Focal adhesion kinase controls morphogenesis of the Drosophila optic stalk

Satoshi Murakami, Daiki Umetsu, Yuko Maeyama, Makoto Sato, Shoko Yoshida, Tetsuya Tabata

Research output: Contribution to journalArticlepeer-review

26 Citations (Scopus)


Photoreceptor cell axons (R axons) innervate optic ganglia in the Drosophila brain through the tubular optic stalk. This structure consists of surface glia (SG) and forms independently of R axon projection. In a screen for genes involved in optic stalk formation, we identified Fak56D encoding a Drosophila homolog of mammalian focal adhesion kinase (FAK). FAK is a main component of the focal adhesion signaling that regulates various cellular events, including cell migration and morphology. We show that Fak56D mutation causes severe disruption of the optic stalk structure. These phenotypes woe completely rescued by Fak56D transgene expression in the SG cells but not in photoreceptor cells. Moreover, Fak56D genetically interacts with myospheroid, which encodes an integrin β subunit. In addition, we found that CdGAPr is also required for optic stalk formation and genetically interacts with Fak56D. CdGAPr encodes a GTPase-activating domain that is homologous to that of mammalian CdGAP, which functions in focal adhesion signaling. Hence the optic stalk is a simple monolayered structure that can serve as an ideal system for studying glial cell morphogenesis and the developmental role(s) of focal adhesion signaling.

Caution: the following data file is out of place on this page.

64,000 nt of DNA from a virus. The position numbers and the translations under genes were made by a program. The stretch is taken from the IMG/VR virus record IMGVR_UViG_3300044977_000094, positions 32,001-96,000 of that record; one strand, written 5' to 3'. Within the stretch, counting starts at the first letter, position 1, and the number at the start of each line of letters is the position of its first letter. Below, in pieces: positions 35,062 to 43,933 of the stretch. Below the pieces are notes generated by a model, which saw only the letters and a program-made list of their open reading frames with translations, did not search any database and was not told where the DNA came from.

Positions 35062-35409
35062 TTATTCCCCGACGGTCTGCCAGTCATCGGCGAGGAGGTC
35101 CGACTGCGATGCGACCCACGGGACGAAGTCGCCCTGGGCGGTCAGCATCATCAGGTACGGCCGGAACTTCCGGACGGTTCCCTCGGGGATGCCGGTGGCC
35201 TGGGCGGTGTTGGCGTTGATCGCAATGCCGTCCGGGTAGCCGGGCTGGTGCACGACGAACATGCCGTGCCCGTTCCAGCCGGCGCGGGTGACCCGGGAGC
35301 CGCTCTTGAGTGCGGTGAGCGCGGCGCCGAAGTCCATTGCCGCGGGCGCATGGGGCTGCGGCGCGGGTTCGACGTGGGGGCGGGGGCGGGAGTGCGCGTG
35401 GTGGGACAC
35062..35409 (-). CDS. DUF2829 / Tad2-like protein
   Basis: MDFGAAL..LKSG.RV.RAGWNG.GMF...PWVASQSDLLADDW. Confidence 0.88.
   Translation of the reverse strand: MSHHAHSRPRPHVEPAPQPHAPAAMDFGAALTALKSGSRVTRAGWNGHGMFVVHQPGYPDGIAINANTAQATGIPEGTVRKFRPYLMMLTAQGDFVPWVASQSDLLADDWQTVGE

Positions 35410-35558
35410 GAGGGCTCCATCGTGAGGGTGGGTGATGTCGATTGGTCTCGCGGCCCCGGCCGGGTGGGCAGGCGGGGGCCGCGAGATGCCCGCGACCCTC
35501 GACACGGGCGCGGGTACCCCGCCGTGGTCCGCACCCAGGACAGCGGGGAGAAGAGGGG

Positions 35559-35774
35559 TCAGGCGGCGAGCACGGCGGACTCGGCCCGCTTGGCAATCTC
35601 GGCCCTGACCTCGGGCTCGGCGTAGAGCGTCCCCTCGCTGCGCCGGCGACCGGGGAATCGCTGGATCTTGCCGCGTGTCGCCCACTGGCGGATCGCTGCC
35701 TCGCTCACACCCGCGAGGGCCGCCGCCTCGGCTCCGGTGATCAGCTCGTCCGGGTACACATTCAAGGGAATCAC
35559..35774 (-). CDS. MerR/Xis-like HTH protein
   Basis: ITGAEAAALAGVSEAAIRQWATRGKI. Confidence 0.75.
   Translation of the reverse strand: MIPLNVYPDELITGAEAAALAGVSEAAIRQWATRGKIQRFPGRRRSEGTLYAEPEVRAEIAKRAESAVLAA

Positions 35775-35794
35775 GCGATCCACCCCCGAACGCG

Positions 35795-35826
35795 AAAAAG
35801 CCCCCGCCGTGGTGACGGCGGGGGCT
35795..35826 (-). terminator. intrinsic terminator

Original languageEnglish
Pages (from-to)1539-1548
Number of pages10
Issue number8
Publication statusPublished - 2007 Apr
Externally publishedYes


  • CdGAPr
  • Drosophila
  • Fak56D
  • Glia
  • Optic stalk

ASJC Scopus subject areas

  • Molecular Biology
  • Developmental Biology


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